Aces on Bridge — Daily Columns

The Aces on Bridge: Thursday, November 22nd, 2012

Men are not hanged for stealing horses, but that horses may not be stolen.

George Savile

South North
Neither ♠ J 10 9 2
 A Q 10 8 3
 9 2
♣ 5 3
West East
♠ Q 8 7 5
 6 4
 J 8 7 5
♣ J 4 2
♠ K 6
 K 9 7 2
 Q 6 4
♣ 10 9 8 7
♠ A 4 3
 J 5
 A K 10 3
♣ A K Q 6
South West North East
2 NT Pass 3♣ Pass
3 Pass 3♠* Pass
3 NT All pass    

*Four spades and five hearts


John Armstrong, aged 56, died of a brain hemorrhage just days after returning from representing England in the 2008 European Championships. With his partner John Holland, John finished in second place in the Butler rankings (for average IMPs won) — quite an achievement for a pair from a team that finished in 12th place.

Armstrong was on the team that won the Silver Medal in the 1987 Bermuda Bowl World Championships — Britain’s best performance since taking Gold in 1955. And he was also on the teams that produced Britain’s most recent best Open results in European Championships — runner-up in 1987 and winner in 1991. (The British Open Team’s previous win was back in 1963.) Today’s hand is from that 1991 victory.

Armstrong, the declarer in three no-trump, could see eight tricks — he must come to at least two in hearts — but where to go for the ninth? Britain was on Vugraph at the time and the commentators made an assortment of erudite suggestions. But John’s solution was simple: he won the club lead and continued with ace and another spade. East won with the king and returned a club. John now ran the heart jack, which East could not afford to win. When the heart jack held, declarer played a third spade. West took the queen, but with the heart ace still in dummy, John could not be denied access to his established spade jack. Contract made.

Partner's action does not guarantee a great hand. With short hearts he is obliged to balance, even though he is not technically in balancing seat. To double for penalties, you would need the heart jack instead of the two, and you might still not beat it! Pass, and rely on your partner to bid again with a real hand.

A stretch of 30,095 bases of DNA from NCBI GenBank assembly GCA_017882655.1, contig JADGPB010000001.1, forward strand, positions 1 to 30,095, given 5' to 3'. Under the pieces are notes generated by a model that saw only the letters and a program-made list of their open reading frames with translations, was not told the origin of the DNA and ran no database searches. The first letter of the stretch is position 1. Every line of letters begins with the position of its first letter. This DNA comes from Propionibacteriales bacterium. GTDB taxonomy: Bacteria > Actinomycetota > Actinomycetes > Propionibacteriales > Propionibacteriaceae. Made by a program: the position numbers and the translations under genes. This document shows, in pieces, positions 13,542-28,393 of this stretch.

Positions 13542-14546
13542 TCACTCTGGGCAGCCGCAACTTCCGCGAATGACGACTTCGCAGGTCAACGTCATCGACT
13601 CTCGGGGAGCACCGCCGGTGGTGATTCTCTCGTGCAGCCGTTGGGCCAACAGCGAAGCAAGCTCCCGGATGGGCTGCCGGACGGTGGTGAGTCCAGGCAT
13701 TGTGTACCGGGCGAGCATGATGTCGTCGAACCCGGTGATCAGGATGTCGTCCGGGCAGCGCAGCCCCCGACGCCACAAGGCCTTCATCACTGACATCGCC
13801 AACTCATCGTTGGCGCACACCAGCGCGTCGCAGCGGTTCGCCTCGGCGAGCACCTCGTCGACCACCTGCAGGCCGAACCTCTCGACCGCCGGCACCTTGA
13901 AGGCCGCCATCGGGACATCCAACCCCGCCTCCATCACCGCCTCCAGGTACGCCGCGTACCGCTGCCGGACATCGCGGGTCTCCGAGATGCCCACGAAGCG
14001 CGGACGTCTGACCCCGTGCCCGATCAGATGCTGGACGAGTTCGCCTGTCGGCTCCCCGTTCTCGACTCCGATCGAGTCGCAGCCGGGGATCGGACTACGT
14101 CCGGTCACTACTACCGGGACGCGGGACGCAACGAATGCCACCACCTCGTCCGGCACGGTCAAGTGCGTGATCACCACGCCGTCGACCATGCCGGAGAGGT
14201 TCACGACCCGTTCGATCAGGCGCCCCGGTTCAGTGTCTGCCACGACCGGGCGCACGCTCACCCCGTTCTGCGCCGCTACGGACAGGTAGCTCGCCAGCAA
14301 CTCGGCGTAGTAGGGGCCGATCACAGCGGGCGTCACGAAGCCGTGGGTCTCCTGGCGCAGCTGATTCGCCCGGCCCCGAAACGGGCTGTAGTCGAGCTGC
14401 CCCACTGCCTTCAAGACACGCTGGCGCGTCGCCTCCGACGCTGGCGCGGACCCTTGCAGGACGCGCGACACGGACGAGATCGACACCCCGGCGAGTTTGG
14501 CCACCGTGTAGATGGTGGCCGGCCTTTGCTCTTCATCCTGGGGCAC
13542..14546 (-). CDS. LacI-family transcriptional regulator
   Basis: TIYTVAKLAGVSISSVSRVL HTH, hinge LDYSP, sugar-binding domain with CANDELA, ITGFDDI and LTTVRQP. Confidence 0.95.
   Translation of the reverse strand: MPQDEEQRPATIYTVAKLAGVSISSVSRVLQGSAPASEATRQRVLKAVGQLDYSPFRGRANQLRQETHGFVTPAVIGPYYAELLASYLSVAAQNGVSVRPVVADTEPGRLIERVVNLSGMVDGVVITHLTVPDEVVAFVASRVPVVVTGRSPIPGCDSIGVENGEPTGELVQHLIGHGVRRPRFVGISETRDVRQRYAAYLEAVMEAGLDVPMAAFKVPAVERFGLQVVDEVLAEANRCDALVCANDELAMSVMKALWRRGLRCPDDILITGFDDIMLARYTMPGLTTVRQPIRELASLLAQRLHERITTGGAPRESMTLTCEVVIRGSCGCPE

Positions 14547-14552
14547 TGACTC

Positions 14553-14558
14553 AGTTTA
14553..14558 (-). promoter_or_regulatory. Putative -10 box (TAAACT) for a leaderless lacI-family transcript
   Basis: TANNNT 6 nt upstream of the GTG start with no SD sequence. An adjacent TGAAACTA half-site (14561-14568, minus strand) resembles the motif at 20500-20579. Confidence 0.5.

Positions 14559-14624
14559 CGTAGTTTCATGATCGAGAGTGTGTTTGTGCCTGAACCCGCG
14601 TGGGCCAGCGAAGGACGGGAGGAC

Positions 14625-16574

♠ K 6
 K 9 7 2
 Q 6 4
♣ 10 9 8 7
South West North East
Pass 2 2♠ 3

For details of Bobby Wolff’s autobiography, The Lone Wolff, contact If you would like to contact Bobby Wolff, please leave a comment at this blog. Reproduced with permission of United Feature Syndicate, Inc., Copyright 2012. If you are interested in reprinting The Aces on Bridge column, contact


Patrick CheuDecember 6th, 2012 at 9:28 am

Hi Bobby, a nice hand in timing, before giving up the third spade, the Jack of hearts finesse first and returning to the spade play whilst in control.If spades were J10xx and not J109x, the play would have been the same, relying on 3-3 break.Best Regards-Patrick.

scoldedjimDecember 6th, 2012 at 1:07 pm

Since declarer was leading towards the Board holding both times, I think J10xx would have won with either 3 – 3 or at least one spade honor in the West hand.

bobby wolffDecember 6th, 2012 at 2:26 pm

Hi Patrick and ScoldedJim,

Absolutely, an almost 100% caveat from Patrick, and an additional clarification from SJ. And how about a guessed KQ doubleton with East with only J10xx or a singleton guessed honor with East or the same singleton in either hand with the actual holding with no guessing necessary.

To some, these card combination tidbits are necessary, to others, fantastic, but to lesser aficionados, require too much thought and will leave it to those who are addicted to the game.

I, for one, appreciate the rounding off and heartily approve any comment which allows others to think about choices, which, like it or not, make our game what it is.

Iain ClimieDecember 6th, 2012 at 6:00 pm

Hi Mr. Wolff,

Is declarer’s problem almost a surfeit of high cards? With the SQ (instead of the SA or even SK) the play would be much more obvious.

On BWTA, there are some West players against whom I’d bid 3S as I’d probably get 4H which I can double. Sadly many of my partners would bid 4S first so another idea goes in the bin. Still, raising overcalls on Kx or similar (not just 3+ card support) is often useful, especially if it gets partner to lead the suit instead of shying away from AQ10xx(x) when it would work.